Administrative burden (AB) often occur when citizens interact with public organizations. Burden et al. (2012) define AB as an individual’s experience of policy implementation as onerous. Citizens care as much, or more, about the process of their interaction with the state as they do about the outcome [9]. It is therefore central for citizens that they perceive their interaction with the state as fair, equitable, respectful, and empowering [9]. Some AB serve as legitimate purposes - for example to prevent fraud in social welfare programs [9]. However, in many cases, AB impose costs on citizens. Moynihan et al. (2015) distinguish between three kinds of costs for citizens: Learning costs (such as the search process for acquiring information about public services), psychological costs (including intrusive application processes as well as the loss of autonomy and increase in stress arising from program processes) and compliance costs (following administrative rules and requirements).

Are you interested in collaborating with us? We provide consulting services in the strategic planning, implementation, or evaluation of your project.

We look forward to hearing from you:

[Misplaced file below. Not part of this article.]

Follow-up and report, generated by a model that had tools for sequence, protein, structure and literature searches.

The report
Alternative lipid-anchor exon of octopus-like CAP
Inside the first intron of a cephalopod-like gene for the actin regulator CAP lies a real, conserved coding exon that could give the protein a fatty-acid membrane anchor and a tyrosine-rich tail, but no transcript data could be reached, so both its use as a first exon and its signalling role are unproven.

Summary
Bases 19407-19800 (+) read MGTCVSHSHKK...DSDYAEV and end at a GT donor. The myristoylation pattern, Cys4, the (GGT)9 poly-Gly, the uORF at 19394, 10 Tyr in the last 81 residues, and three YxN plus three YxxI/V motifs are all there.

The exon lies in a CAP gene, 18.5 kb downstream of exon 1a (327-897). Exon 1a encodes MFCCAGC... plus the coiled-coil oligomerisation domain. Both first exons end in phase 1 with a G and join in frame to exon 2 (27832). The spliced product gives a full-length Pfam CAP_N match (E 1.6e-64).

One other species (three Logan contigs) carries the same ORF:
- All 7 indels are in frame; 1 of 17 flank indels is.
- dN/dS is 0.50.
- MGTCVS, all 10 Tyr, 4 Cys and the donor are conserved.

Prof. Oliver Neumann


Pascale-Catherine Kirklies (PhD Student and Graduate Assistant)


[1] Indihar Stemberger, M., & Jaklic, J. (2007). Towards E-government by business process change—A methodology for public sector. International Journal of Information Management, 27(4), 221–232.

[2] Mergel, I., Gong, Y., & Bertot, J. (2018). Agile government: Systematic literature review and future research. Government Information Quarterly, 35(2), 291–298.

[3] Voorberg, W. H., Bekkers, V. J. J. M., & Tummers, L. G. (2015). A Systematic Review of Co-Creation and Co-Production: Embarking on the social innovation journey. Public Management Review, 17(9), 1333–1357.

[4] Bovaird, Tony, & Loeffler, E. (2012). From Engagement to Co-production: The Contribution of Users and Communities to Outcomes and Public Value. VOLUNTAS: International Journal of Voluntary and Nonprofit Organizations, 23(4), 1119–1138.

[5] Verschuere, B., Brandsen, T., & Pestoff, V. (2012). Co-production: The State of the Art in Research and the Future Agenda. VOLUNTAS: International Journal of Voluntary and Nonprofit Organizations, 23(4), 1083–1101.

[6] Mergel, I. (2016). Agile innovation management in government: A research agenda. Government Information Quarterly, 33(3), 516–523.

[7] Mergel, I., Ganapati, S., & Whitford, A. B. (2020). Agile: A New Way of Governing. Public Administration Review, puar.13202.

[8] Burden, B. C., Canon, D. T., Mayer, K. R., & Moynihan, D. P. (2012). The Effect of Administrative Burden on Bureaucratic Perception of Policies: Evidence from Election Administration. Public Administration Review, 72(5), 741–751.

[9] Moynihan, D., Herd, P., & Harvey, H. (2015). Administrative Burden: Learning, Psychological, and Compliance Costs in Citizen-State Interactions. Journal of Public Administration Research and Theory, 25(1), 43–69.

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Prof. Oliver Neumann